Not by any particularly special planning, I saved the reveal for just the right moment. The boys were getting out of control around a hotel pool table and my niece’s patience with their mischief was running out. I took a second to stop berating them and told her, “When we get back I have such an awesome treat planned for you. Afternoon tea at the very, very fancy Hotel Bel-Air.” I got to feel like the cool indulgent aunt for a few minutes. Then I got lobbed in the nose by an errant solid wood pool ball.
Afternoon tea is one of my favorite special and rare treats. For those obsessed with hotels, sipping tea and eating dainty food while practicing the rigorous art of pinky raising is ideal hotel culture voyeurism and a way to enjoy distinguished spaces (ah, Ladies’ Tea Room at Bullock’s Wilshire, circa 1980!). So when I was invited to check out the special tea menu for kids at the Hotel Bel-Air, I was psyched — also because I’d have a nine-year-old girl to bring as my guest who would behave and appreciate the ritual. (Unless I want to face the prospect of fishing a boy out from the swans’ pond, I’m not taking my own kids anywhere near that place.) Thanks an American Girl Doll phase, she’s been to her fair share of afternoon teas, but certainly none like the spread and service at the recently revamped Wolfgang Puck at Hotel Bel-Air.
Along with renovated and spruced up digs by NYC-based David Rockwell that’s a showcase of every shade of white imaginable at L.A. most quintessentially private and discreet hotel, the kitchen has upped the game for hungry guests who might be dropping in for a few hours or a few days. I’d spent an afternoon out on the Bel-Air’s covered patio restaurant space a few years ago with girlfriends, and was disappointed with the mediocre bagged tea and ho-hum sandwiches served on stale bread.
No longer. The extensive tea list features all loose teas from Art of Tea, including some custom blends like the Hotel Bel Air Swan Song with guayusa, white tip jasmine, hibiscus and green rooibos. The special children’s tea menu ($36) offers caffeine free options, such as mint, chamomile, and the rooibos-based HBA Rejuvenation Blend with apricot and lemon myrtle. Most hotels stick to the classically conservative tasteful set-up of afternoon tea; the tiered plates, crust-less sandwiches and so on. The Bel-Air has found ways to make it even more elegant.
Munchies are deconstructed favorites along with hearty bites such as smoked shallot marmalade and gruyere sandwich slice, yet presented in a way to prevent any worrying about dripping grease on your afternoon finest. Yes, this repast does absolutely involve some paper thinly sliced cucumbers. If ever a combination of smoked salmon, capers and flowers could be so enchanting as this, I haven’t seen it. I saved the Jidori chicken liver mousse with pear rosemary butter crostino for last, while my niece went right for the smoked turkey on brioche roll and the Nutella and banana open-faced sandwich chunk.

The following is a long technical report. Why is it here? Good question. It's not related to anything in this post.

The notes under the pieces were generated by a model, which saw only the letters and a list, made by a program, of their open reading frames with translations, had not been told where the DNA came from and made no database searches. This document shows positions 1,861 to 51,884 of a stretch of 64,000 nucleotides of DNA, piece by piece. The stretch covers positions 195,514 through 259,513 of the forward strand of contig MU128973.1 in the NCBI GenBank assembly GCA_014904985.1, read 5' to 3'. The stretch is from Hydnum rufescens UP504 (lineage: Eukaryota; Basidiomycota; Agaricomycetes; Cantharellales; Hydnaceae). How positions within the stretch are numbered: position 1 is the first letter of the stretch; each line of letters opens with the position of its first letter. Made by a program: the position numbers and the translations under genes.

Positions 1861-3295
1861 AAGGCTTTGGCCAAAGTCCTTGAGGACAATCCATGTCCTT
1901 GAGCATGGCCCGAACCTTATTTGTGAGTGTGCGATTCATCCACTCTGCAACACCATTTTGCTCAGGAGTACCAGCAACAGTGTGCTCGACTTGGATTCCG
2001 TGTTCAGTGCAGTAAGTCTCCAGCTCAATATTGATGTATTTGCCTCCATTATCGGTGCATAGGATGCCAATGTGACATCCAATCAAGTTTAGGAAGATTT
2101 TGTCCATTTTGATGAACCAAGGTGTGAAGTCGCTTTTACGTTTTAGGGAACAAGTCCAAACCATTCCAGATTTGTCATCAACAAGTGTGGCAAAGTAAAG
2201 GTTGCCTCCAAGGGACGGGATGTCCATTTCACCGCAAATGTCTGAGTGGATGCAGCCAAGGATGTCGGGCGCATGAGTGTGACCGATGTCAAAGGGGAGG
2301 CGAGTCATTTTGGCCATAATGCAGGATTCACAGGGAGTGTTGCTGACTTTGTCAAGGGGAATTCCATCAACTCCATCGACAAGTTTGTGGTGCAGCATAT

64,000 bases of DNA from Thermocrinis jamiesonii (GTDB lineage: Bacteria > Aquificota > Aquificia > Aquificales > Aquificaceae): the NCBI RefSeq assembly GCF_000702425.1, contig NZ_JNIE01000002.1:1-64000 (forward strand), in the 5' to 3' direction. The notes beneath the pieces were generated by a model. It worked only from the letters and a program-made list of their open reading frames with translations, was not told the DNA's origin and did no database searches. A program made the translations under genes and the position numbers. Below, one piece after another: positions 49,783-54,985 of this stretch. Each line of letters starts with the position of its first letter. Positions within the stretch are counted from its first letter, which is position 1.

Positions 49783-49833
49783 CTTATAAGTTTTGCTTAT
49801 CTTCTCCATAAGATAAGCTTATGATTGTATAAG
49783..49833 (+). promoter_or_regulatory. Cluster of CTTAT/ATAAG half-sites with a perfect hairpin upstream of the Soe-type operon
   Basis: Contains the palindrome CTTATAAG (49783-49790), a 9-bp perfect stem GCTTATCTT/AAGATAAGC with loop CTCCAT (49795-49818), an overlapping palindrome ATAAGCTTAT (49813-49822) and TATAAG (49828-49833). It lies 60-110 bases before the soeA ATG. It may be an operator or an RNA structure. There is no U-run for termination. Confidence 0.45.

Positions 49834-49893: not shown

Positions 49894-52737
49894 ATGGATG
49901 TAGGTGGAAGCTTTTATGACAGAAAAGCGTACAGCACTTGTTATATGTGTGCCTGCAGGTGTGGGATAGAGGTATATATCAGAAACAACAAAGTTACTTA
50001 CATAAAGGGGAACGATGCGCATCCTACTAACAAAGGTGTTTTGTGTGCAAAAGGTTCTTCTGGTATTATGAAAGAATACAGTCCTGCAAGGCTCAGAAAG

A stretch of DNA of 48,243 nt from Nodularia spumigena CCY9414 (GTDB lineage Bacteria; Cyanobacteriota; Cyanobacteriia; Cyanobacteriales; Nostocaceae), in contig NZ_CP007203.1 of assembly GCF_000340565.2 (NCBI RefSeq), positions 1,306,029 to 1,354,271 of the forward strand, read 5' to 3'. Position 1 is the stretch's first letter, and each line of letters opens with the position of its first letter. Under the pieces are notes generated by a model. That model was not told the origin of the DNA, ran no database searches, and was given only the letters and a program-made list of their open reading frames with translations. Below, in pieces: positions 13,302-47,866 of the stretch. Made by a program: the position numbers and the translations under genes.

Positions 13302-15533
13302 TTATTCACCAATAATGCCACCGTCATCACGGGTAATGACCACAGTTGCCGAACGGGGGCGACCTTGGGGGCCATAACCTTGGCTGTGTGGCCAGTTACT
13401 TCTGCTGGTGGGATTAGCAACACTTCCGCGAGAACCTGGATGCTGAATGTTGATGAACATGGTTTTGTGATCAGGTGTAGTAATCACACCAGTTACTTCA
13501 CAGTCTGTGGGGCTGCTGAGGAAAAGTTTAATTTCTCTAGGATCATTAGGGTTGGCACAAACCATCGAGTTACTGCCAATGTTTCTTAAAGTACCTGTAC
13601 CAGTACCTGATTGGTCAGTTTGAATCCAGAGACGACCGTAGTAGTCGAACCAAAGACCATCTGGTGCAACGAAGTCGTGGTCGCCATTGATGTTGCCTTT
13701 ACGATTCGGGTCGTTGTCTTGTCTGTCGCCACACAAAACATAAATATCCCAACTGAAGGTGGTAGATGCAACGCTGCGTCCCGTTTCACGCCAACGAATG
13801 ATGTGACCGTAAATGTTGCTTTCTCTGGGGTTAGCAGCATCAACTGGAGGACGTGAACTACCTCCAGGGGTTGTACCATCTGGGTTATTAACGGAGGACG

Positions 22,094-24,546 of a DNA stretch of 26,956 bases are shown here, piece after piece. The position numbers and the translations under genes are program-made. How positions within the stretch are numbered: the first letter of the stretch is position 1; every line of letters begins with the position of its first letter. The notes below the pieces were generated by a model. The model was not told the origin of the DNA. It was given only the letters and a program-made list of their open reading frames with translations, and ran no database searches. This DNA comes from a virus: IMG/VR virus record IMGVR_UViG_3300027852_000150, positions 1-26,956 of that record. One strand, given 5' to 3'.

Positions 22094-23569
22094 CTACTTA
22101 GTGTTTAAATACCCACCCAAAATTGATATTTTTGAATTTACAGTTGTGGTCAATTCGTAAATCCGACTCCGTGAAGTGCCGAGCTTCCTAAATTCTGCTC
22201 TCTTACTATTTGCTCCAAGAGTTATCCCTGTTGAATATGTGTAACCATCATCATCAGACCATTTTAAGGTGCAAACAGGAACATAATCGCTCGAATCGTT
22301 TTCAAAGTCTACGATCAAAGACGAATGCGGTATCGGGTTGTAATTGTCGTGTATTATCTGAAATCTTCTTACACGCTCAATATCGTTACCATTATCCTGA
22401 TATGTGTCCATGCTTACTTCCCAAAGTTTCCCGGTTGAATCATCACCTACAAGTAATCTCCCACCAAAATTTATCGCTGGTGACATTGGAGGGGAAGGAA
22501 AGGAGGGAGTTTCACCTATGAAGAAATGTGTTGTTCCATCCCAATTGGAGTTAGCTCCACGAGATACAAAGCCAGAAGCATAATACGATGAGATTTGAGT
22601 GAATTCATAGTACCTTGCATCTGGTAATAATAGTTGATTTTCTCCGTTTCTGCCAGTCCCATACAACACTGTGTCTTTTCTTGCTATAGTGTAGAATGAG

The menu has some overlap between the savory and sweet nibbles kids and adults are served on the beautiful rectangular plates sparingly adorned with hummingbirds and butterflies, along with some distinctions. In our case, the generational taste assumptions happened to be accurate. She had chocolate chip cookies, and I got a perfect peanut macaron with a tiny dollop of strawberry jam in the middle. We both ate raspberry financiers, caramelized apricot tarts, cream puffs, and cream filled wafer cones topped with gold dusted crispy balls. No fighting over food or bickering with siblings.
After tea wrapped we retreated to the show stopper of a bathroom with its nods to the Hollywood Regency style, amazing poppy motif wallpapered stalls and glam central vanity station. (And a changing table!) I can’t think of a better one in the greater Los Angeles area; my niece would have moved in, or at least spent a night in there if she could.
Tea service of this caliber is rarely inexpensive. The Hotel Bel-Air is no exception. Its $60 price tag for tea is steep (so to speak), and if I hadn’t been a guest of the hotel’s PR firm, I would’ve driven myself crazy comparing the cost of these delicate bites to more substantive but nonetheless still upscale meals, like the $58 three-course bar menu at Blue Hill at Stone Barns. Meanwhile, the $36 price tag of the Bel-Air children’s tea buys you a dozen kids’ meals at LGO in Pasadena. And so on.
But that’s not the point. This kind of memorable rare afternoon is about tasting delicious hot beverages, filling up on scones with thick devonshire cream and jams, ogling the gorgeous place settings (god, that china pattern!), primping in the OTT bathroom, watching Athena, Hercules and Chloe gliding around, spotting a celebrity checking in, and seeing a flurry of activity around an elaborate wedding that will be happening a few hours later. And having a souvenir stuffed swan and iced cookie to show off to your suddenly jealous younger brother.
701 Stone Canyon Road, Bel Air
Cuisine: Haute Stuff/Eclectic/French
Hours: Afternoon Tea service Friday and Saturday, reservations from 3-4:00 p.m.